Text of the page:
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"Comrade" Somnath Chatterjee’s scathing attack

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“Karat is ruining the CPI(M) party. Had he not objected, I would have been the first Bengali President of India,” says former Lok Sabha speaker Somnath Chatterjee.

Finally,it seems the cat is out of the bag. In a recent interview with Arundhati Mukherjee,Somnath Chatterjee squarely blamed the party’s general secretary, Prakash Karat, for the Left party’s plight. He insists Karat has been instrumental in ruining and destroying the party. In 2007, Karat opposed his Presidential candidature and as he laments, it was Karat’s decision, due to which India was deprived of its first Bengali President. Chatterjee insists, he and a couple of his comrades (he does not divulge their names) had advised Jyoti babu to defy party orders and accept the offer.

However, Jyoti babu, did not encourage his followers. According to Chatterjee, “In the year 2007, Sharad Yadav came to me. I was then the Lok Sabha Speaker. He told me that they wanted to see me as the President of the country. I later learnt that Congress had sent Yadav with the offer. JD(U), DMK, BJD and Akali Dal had promised to back my candidature. I also had very good rapport with two Shiv Sena members of the Parliament. I told Yadav to speak to my party instead of me, regarding the offer. Accordingly, he spoke to the party’s general secretary, Prakash Karat. If Karat had not turned down the proposal, I would have been the country’s President because BJP had decided not to put up any candidate. Even after Karat turned down the proposal, Nitish Kumar contacted me several times to reconsider my decision.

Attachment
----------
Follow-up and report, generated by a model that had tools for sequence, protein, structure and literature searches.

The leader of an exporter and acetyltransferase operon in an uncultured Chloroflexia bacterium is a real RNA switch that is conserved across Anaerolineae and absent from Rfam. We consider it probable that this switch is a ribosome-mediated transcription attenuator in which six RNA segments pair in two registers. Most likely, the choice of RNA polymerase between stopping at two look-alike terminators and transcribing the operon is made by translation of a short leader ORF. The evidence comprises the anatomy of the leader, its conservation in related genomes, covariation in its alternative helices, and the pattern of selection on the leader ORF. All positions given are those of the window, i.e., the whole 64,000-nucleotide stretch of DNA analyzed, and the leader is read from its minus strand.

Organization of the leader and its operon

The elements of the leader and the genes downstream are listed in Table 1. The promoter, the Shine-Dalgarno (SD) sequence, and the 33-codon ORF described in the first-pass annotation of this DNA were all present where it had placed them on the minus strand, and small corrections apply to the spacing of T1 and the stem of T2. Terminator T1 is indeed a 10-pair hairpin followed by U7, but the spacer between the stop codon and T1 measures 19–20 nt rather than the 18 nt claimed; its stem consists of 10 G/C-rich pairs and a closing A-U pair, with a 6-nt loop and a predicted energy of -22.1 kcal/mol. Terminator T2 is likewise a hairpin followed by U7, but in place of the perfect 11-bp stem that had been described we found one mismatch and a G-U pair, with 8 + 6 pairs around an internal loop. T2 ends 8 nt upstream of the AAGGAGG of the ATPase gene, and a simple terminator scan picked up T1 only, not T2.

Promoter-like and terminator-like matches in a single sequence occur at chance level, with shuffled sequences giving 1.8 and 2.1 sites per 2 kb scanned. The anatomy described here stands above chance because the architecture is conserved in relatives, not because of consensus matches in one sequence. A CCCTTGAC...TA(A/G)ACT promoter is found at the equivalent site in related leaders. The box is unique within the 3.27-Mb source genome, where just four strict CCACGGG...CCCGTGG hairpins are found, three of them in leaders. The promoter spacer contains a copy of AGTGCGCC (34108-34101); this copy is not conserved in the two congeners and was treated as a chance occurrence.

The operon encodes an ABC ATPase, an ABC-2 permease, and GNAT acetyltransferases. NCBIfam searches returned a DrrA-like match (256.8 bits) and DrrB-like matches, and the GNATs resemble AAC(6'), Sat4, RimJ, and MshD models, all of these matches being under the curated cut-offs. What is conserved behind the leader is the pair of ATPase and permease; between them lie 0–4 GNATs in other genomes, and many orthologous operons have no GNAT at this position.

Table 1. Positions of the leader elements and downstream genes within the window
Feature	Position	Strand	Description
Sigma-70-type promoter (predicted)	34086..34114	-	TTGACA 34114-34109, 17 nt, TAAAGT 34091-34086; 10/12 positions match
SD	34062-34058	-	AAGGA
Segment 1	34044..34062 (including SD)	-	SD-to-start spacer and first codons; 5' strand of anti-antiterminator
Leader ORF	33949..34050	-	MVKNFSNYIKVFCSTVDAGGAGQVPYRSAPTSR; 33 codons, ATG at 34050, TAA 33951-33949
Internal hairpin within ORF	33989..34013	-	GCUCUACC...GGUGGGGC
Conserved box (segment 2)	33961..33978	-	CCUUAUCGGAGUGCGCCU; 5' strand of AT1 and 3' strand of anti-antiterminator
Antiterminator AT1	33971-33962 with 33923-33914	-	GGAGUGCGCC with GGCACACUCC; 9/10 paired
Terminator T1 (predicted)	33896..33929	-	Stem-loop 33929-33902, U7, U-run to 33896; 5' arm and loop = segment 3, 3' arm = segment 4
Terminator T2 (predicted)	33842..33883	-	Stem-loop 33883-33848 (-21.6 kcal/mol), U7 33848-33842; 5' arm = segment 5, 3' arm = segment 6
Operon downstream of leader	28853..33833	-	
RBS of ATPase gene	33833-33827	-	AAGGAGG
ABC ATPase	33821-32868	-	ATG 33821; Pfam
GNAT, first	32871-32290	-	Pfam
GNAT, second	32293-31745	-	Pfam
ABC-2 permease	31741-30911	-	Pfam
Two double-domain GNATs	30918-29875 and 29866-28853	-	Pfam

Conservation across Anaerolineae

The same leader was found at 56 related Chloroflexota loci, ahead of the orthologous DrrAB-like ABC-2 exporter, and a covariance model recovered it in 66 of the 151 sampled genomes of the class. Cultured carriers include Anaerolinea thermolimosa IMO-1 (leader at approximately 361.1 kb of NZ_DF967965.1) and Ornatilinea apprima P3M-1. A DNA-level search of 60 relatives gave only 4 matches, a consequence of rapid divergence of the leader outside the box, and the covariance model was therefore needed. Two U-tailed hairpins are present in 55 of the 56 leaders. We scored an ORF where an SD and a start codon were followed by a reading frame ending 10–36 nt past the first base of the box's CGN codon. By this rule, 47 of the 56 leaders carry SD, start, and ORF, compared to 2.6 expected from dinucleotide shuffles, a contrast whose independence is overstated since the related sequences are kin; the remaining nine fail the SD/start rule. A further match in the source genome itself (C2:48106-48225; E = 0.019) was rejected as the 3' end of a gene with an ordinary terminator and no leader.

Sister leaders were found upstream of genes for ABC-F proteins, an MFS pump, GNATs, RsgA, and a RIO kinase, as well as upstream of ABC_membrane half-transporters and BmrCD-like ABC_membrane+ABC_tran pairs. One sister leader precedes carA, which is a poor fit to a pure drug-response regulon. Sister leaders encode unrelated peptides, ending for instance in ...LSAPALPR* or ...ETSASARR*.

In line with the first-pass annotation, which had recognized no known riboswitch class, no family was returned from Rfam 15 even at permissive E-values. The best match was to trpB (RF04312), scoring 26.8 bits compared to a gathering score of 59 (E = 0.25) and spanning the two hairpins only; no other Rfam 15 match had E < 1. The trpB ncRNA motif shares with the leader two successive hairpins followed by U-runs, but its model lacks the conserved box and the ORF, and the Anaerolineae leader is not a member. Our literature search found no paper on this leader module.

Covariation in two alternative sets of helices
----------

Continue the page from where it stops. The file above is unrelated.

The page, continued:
Chattopadhyay then went on to explain the CPI(M)’s stand on withdrawing support from the UPA. He said, “Prakash was in charge of the party and it was decided our party would withdraw support from the government following India- US nuclear deal. He asked me to participate in the ‘No Confidence’ vote against the UPA government in the Lok Sabha. I was then the Speaker of the House and I told him the Speaker has to be neutral and cannot act or follow any party line. Though these days I see many Speakers actively supporting state chief ministers. They even participate in political rallies. But I stood my ground and told Prakash that I cannot cast my vote. My decision was supported by other party members. In 2008, I was expelled from the party. It is not that I backed the nuclear treaty with the US, but I definitely believe it was a wrong decision taken by our party to withdraw support from the UPA government on this issue.”

Somnath babu says, “Prakash Karat has been instrumental in ruining the party. If we had not withdrawn our support from the UPA-led government, our position would have been much better. People know what a grave error it was, not to let Jyoti Basu be the Prime Minister. I have learntduring the No-Confidence motion, there were just five politbureau members in Delhi. Karat called up others and spoke to them, but took the decision unilaterally. No meetings were held nor ballot votes were taken where our party members could voice their views. This is our misfortune.”

He goes on to say a Karat lobby was always on the move. Meanwhile, at a recent function, Mr Hamid Ansari, outgoing Vice President of India, felicitated Sitaram Yechuri with the Best Parliamentarian award. Using the published photograph of Yechuri receiving the award, his young supporters started a web page and began aggressive propaganda emphasising on the slogan, “When Nathuram rules the Centre/ We need Sitaram in the Parliament.” Thus, the strife within the party has become quite evident.

Chattopadhyay shares his views on Sitaram and says, “Sitaram is a very important leader in the party. He is also a very good parliamentarian and for the party’s sake he should be given another chance. If Sitaram is not nominated, no one else can be sent to Rajya Sabha. Jyoti Basu was denied the chance to become the Prime Minister in a similar manner and people still regret this decision. We had requested Jyoti Basu to accept the Premier’s post since members of various other parties were only too willing to support him, but he refused to defy the party’s diktat.”

(The full interview appeared in Rabibasoriyo, the Sunday section of Aaajkaal on July 23, 2017)